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Last Updated: February 25, 2016
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· nitram509
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How to install Windows 10 IoT Core on Raspberry Pi 2 in 5 minutes - also works on Win7, Win8, Linux, Mac OS

Abstract

This protip describes how to write Windows 10 IoT Core operating system image on a SD-Card, by using open source and free available tools. This shortens the installation time down to a few minutes (can be done in approx. 5), doesn't bother you to install all requirements and makes it less complicated.

Motivation

In February 2015 Microsoft announced Windows 10 IoT Core support for Raspberry Pi 2. Because of this great news, I wanted to install it on such a cheap board. But to my surprise the installation procedure described at Microsoft's Github page is very complicated and requires me to have a Windows 10 Insider Preview running (on bare metal, not a virtual one) and Visual Studio 2015. Besides the fact, that my current notebook runs Windows 8.1, it takes a remarkable amount of time, to download and install these software packages. I didn't want to - so I used a shortcut...

Dear Microsoft, why do you make it so complicated to write a disk image on a flash/SD-Card?
Please, use open standard image formats, to ease installation and reach/motivate more developers.

Write Windows 10 IoT Core image on SD-Card

Requirements

These additional tools are available under an open source license and thus free to use. If you've already played with Raspberry Pi images, its very likely the you already have them installed.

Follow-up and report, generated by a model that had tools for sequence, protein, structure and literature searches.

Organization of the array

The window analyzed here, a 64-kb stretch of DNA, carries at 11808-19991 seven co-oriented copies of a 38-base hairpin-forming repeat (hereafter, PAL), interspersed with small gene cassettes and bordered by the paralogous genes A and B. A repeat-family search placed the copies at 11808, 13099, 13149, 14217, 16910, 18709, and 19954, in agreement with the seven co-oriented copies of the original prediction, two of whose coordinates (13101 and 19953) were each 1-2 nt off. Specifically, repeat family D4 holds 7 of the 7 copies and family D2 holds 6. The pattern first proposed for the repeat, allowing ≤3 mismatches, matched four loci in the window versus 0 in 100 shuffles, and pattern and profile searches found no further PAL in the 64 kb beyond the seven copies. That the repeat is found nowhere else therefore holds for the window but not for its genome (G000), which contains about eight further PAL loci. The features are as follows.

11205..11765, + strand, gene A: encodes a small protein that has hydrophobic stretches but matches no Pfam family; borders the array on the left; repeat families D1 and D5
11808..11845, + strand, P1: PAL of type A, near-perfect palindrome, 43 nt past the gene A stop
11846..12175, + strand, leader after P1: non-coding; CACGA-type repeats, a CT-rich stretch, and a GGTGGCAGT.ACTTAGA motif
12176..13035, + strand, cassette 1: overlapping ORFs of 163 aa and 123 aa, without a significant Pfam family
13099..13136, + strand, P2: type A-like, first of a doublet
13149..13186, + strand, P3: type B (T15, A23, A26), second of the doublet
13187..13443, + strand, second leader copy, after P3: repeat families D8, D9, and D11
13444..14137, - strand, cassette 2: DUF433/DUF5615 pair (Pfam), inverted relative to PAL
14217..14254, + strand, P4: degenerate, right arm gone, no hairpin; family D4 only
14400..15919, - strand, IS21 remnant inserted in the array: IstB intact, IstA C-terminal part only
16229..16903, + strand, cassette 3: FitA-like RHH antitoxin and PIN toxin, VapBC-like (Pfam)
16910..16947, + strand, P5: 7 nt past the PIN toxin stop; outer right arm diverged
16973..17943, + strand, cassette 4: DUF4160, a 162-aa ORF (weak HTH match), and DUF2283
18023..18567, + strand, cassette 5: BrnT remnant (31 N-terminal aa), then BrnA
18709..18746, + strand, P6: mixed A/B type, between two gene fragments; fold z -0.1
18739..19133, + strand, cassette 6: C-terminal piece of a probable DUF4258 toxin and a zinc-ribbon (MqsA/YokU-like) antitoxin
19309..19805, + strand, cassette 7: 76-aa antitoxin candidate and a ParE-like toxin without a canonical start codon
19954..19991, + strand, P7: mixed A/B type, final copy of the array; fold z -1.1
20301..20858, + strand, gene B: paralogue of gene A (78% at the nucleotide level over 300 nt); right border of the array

Preparation

The Windows 10 IoT Core ZIP file contains a file named flash.ffu. This image file is compressed and digital signed. To convert it into a more common format, you will use the ffu2img tool. Make sure you have Python installed. There exists separate files of ffu2img for Python 2.7.x and a 3.x version. Simply download and use the one which matches your environment.
Open a terminal or command line window and convert the image file like this:

C:> python ffu2img.py Flash.ffu Windows_IoT_Core_RPI2.img

This will create a WindowsIoTCoreRPI2.img_ file, which uses ca. 7.7GByte space on your disk.

Write image to SD-Card

Windows 7, Windows 8

Simply start Win32DiskImager as administrator, open the image file WindowsIoTCoreRPI2.img_
and click the [write] button.

Win32DiskImager

For more details, have a look at raspberry.org/documentation/.../windows.md

Linux

Open a terminal and customize the command to fit your device's name:

$> dd bs=4M if=Windows_IoT_Core_RPI2.img of=/dev/sdx

For more details, have a look at raspberry.org/documentation/.../linux.md

Mac OS

Open a terminal and customize the command to fit your device's name:

$> sudo dd bs=1m if=Windows_IoT_Core_RPI2.img of=/dev/diskn

For more details, have a look at raspberry.org/documentation/.../mac.md

Have fun!

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Hi, that's very good info.
I had the same question... why it has to be so complicated. With linux you download an image, flash it and boot it. And also, there are so many unsupported devices (like sd cards). So for example my win10iot build, after I've flashed it, boots!!! But... the dispaly/screen has something wrong. It looks like the frames that should be displayed are stretched diagonally. I can see the rolling dots but to me they look like a diagonal...
Anyway, I was using the WindowsIoTImageHepler tool, I've used the command line tool (which should be identical), changed 3 sd cards. Now I'm trying your guide... but I'm giving up. It could simply be my tv/monitor that doesn't work or it's not supported (despite the fact I thought HDMI was a standard...)
Cheers

over 1 year ago ·
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